The Life and Times of a Real Tiger Queen
On Mabel Stark, a Big Cat Trainer Ahead of Her Time
While watching Tiger King, a Netflix documentary series that examines the predatory behavior of private zoo owners in America, it occurred to me that Mabel Stark—perhaps the greatest tiger trainer of all time—might find herself on the wrong side of history. Though she was a Picasso, she worked in a medium that has now been discredited for good: with the death of the traditional three-ring circus, big cat training has gone the way of minstrel shows and midget wrestling.
Yet as the author of The Final Confession of Mabel Stark, a novel that recreates Mabel’s astounding life in and out of the circus, I feel an almost parental instinct to defend her. Yes, she made tigers do what she wanted. But she did so by pioneering a training technique called “gentling,” in which she primarily used rewards instead of punishments, making her an arch-progressive for her time. Yes, she thrived in a world run by quasi-criminal hucksters. But she did so as a strong woman and proto-feminist: in the 1920s, female troupers often had to sleep with local police chiefs, a means of ensuring that the constabulary ignored the gambling and striptease taking place in the sideshow tent. This practice was known as “squaring the grift” and, when asked to do so by a low-life carnival boss, Mabel punched the man sufficiently hard that the cigar flew from his mouth. (She was fired on the spot.) Yes, she could be prickly and difficult, particularly as she grew old, but, as the accompanying excerpt will illustrate, she was one of the bravest persons to ever step foot inside a circus ring.
Finally, I would insist that there’s a world of difference between Mabel Stark and Joe Exotic, the philistine protagonist of Tiger King. Exotic, a Halloween-ish figure if ever there was one, exploited his animals in the pursuance of fame and personal enrichment. Mabel Stark—and I do hope that historians will recognize this distinction—had a genuine spiritual connection with all her animals, and didn’t care about recognition or wealth. “I know I’m not a tiger,” she once said, “but for some reason I can think like one. In fact, there are times I think that maybe I was one in a former life. God knows, stranger things have happened.”
The following is from The Final Confession of Mabel Stark
So what did I, twenty-four-year-old Mary Haynie of West Kentucky slash Mary Aganosticus of Louisville slash Mary Williams from East Texas slash Mabel Stark of the St. Mark’s Hotel do? Followed him, best as I was able, for Louis practically bolted through the backyard, across the midway and into the training barn. Without benefit of a cage boy, he started shifting cages so his two best lions, Humpy and Bill, connected to the tunnel leading into the steel arena. This exertion made him sweat, and this caused him to give off the scent of alcohol gone sweet with exertion: was like camphor lozenges, though stronger. He yanked the tunnel door rope and the lions filed into the tunnel. He opened the second tunnel door and they entered the ring. Then he brushed by me—not so much as an excuse me—and stepped inside. Humpy roared and Bill flopped on his side and Louis barked, “Children! Seats!”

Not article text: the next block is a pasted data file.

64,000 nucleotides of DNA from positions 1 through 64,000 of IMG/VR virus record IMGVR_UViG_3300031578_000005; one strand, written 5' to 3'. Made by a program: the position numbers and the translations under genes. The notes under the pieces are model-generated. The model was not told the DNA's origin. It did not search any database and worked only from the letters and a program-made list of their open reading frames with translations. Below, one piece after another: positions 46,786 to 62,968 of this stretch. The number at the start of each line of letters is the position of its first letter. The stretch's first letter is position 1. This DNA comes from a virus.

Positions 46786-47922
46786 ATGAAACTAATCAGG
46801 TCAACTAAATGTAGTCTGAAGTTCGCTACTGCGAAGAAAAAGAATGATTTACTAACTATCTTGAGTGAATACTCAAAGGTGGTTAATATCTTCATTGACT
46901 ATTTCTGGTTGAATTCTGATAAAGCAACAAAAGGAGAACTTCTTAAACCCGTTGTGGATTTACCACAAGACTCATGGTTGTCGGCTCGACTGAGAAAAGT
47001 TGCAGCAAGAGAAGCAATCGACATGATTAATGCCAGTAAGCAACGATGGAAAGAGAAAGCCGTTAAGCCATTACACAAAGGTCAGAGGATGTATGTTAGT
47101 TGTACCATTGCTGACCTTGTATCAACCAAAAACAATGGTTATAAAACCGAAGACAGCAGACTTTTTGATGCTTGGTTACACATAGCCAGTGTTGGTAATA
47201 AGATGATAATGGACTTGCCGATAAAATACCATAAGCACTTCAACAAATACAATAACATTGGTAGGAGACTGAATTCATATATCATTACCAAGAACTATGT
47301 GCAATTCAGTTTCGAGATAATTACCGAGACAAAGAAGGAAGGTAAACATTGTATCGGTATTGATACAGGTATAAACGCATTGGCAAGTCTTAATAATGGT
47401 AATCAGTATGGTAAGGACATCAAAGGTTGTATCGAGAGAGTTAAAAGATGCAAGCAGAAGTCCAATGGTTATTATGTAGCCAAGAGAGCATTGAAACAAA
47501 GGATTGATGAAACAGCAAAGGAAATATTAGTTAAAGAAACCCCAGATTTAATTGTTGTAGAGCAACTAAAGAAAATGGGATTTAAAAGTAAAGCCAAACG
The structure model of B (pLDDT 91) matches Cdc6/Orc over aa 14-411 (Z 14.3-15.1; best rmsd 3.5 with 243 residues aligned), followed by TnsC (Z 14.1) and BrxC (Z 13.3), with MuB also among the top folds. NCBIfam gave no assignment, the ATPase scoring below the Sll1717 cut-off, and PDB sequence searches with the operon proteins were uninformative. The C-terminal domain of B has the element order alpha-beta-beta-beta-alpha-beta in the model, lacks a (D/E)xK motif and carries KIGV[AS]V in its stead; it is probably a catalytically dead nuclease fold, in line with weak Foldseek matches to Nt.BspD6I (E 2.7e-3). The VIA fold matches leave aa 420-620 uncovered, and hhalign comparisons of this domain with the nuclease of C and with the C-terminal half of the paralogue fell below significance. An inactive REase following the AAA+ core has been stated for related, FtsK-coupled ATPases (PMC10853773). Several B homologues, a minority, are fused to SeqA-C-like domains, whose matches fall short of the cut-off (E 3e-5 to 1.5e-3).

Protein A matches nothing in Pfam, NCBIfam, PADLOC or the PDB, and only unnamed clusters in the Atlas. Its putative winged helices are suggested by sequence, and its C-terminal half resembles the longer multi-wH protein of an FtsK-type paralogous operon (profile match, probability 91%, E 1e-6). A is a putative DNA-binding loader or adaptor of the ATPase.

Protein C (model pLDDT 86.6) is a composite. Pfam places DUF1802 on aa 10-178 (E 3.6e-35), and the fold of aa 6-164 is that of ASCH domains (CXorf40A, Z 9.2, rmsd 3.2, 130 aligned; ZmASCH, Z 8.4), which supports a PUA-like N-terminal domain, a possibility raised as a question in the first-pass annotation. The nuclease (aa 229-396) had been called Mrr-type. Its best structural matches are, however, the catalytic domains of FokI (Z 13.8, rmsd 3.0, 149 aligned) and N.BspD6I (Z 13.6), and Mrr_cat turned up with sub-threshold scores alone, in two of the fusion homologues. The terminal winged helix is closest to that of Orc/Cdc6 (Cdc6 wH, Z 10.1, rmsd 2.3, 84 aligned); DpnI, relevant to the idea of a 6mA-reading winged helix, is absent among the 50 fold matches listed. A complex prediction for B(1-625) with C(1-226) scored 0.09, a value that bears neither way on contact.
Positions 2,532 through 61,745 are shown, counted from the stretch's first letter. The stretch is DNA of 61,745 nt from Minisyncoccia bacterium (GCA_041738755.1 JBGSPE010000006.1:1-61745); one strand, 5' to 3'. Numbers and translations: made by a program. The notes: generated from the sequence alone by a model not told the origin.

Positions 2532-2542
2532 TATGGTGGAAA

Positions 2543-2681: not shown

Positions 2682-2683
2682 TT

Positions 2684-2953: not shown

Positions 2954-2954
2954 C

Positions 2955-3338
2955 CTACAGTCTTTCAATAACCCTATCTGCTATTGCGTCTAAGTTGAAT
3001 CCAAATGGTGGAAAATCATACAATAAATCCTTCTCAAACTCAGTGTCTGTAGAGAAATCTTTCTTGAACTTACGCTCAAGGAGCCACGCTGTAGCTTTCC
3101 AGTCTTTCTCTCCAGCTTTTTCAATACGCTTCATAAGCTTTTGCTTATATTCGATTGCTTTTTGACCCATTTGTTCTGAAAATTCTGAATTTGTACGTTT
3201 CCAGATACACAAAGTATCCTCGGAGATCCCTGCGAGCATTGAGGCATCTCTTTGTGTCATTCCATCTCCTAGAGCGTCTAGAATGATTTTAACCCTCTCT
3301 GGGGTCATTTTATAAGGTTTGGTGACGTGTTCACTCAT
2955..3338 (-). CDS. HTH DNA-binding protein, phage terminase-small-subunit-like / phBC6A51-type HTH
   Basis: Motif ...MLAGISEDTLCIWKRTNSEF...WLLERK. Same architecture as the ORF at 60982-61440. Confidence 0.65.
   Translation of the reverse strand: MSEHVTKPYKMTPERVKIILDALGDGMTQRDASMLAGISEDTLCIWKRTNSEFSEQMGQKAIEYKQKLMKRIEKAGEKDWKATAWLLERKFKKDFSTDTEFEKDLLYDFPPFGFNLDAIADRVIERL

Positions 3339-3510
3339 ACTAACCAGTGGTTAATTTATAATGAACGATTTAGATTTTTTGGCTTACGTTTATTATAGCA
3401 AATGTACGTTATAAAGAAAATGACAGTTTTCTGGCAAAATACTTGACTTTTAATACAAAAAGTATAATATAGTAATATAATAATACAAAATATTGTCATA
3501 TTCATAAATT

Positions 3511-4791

Humpy took the pedestal to the left and Bill the pedestal to the right. Louis stood between them, dropping his whip on the floor. Then he reached out and pressed a hand against each lion’s throat, both arms disappearing to their elbows in tawny mane. With this, the lions lifted their heads and placed their chins on Louis’s shoulders. Louis turned to his right and pressed his lips up against Bill’s mouth and he kissed the lion for five or ten seconds. Then he turned to Humpy and kissed him even harder than he’d kissed Bill, his hand furrowing through Humpy’s mane to the back of Humpy’s head before grabbing up a handful of cat hair and pulling, so that Humpy’s gums and lips and tongue were forced over the lower half of Louis Roth’s face, smearing it with saliva and hay bits and fragments of horse. Then, as man and animal kissed, Louis slipped his hands into the sides of the animal’s mouth and, with a steady pressure, craned it wide open. Head then followed hands, Louis now inside a lion from the neck up, the tips of Humpy’s incisors making pointy-shaped impressions in the skin of Louis’s neck.